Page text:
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Inside Cover: Stacked Platinum Complexes of the Magnus’ Salt Type Inside a Coordination Cage (Angew. Chem. Int. Ed. 11/2012)

Authors

  • Prof. Dr. Guido H. Clever,

    Corresponding author
    1. Institute for Inorganic Chemistry, Georg-August University, Göttingen, Tammannstr. 4, 37077 Göttingen (Germany)
    • Institute for Inorganic Chemistry, Georg-August University, Göttingen, Tammannstr. 4, 37077 Göttingen (Germany)
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  • Wataru Kawamura,

    1. Department of Chemistry, Graduate School of Science, The University of Tokyo, 7-3-1 Hongo, Bunkyo-ku, Tokyo 113-0033 (Japan)
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  • Dr. Shohei Tashiro,

    1. Department of Chemistry, Graduate School of Science, The University of Tokyo, 7-3-1 Hongo, Bunkyo-ku, Tokyo 113-0033 (Japan)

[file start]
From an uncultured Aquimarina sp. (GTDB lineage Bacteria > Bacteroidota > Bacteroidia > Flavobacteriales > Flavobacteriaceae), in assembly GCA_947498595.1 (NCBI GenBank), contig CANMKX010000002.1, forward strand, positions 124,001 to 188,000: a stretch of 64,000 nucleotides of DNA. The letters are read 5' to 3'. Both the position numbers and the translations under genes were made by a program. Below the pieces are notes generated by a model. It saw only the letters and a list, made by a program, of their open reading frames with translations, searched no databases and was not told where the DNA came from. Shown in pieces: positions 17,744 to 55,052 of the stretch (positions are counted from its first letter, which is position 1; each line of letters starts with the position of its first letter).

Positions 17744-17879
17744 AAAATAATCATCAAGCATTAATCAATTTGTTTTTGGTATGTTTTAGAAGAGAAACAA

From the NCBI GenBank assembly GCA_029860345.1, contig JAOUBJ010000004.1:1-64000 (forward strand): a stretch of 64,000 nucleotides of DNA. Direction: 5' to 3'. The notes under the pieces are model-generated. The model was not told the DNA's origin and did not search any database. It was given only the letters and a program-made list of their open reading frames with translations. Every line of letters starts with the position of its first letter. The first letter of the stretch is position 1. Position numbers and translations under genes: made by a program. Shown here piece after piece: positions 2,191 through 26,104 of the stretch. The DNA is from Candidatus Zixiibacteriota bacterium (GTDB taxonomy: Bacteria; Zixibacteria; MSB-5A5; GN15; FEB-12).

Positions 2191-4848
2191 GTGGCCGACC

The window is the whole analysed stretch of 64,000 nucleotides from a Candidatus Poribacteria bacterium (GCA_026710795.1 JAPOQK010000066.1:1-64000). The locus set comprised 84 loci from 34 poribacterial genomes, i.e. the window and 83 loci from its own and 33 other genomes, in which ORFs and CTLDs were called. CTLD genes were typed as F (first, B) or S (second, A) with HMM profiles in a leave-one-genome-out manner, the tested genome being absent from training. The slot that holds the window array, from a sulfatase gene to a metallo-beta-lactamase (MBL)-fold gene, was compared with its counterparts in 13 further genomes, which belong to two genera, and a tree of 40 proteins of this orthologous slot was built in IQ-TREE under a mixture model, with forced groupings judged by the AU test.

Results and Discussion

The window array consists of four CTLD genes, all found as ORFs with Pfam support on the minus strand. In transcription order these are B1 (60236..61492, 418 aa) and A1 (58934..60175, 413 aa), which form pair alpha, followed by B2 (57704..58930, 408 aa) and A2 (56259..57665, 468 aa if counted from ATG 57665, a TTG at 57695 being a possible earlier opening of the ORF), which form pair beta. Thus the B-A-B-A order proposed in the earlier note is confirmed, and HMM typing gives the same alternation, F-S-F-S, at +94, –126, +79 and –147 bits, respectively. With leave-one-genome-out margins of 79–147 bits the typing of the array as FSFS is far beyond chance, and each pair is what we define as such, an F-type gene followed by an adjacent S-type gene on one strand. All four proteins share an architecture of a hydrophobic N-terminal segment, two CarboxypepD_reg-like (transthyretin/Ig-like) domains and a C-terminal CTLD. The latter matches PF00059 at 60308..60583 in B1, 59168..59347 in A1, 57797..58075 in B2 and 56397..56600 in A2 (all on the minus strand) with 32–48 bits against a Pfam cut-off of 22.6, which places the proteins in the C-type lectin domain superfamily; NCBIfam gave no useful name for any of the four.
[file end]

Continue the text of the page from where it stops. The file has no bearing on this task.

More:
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  • Dr. Motoo Shiro,

    1. Rigaku Co. LTD (Japan)
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  • Prof. Dr. Mitsuhiko Shionoya

    Corresponding author
    1. Department of Chemistry, Graduate School of Science, The University of Tokyo, 7-3-1 Hongo, Bunkyo-ku, Tokyo 113-0033 (Japan)
    • Department of Chemistry, Graduate School of Science, The University of Tokyo, 7-3-1 Hongo, Bunkyo-ku, Tokyo 113-0033 (Japan)
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Abstract

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Supramolecular coordination polymers based on stacked square-planar PtII complexes, such as Magnus' Salts, show potential as functional materials. In their Communication on page 2606 ff. G. H. Clever, M. Shionoya, and co-workers describe a linear array of five alternately stacked PtII complexes in the form of a soluble host–guest complex. The X-ray structure of {[Pt(pyridine)4]⋅[PtCl4]2@cage} shows the linear, pentanuclear array within the cages and their circular packing into a hollow tubular superstructure.

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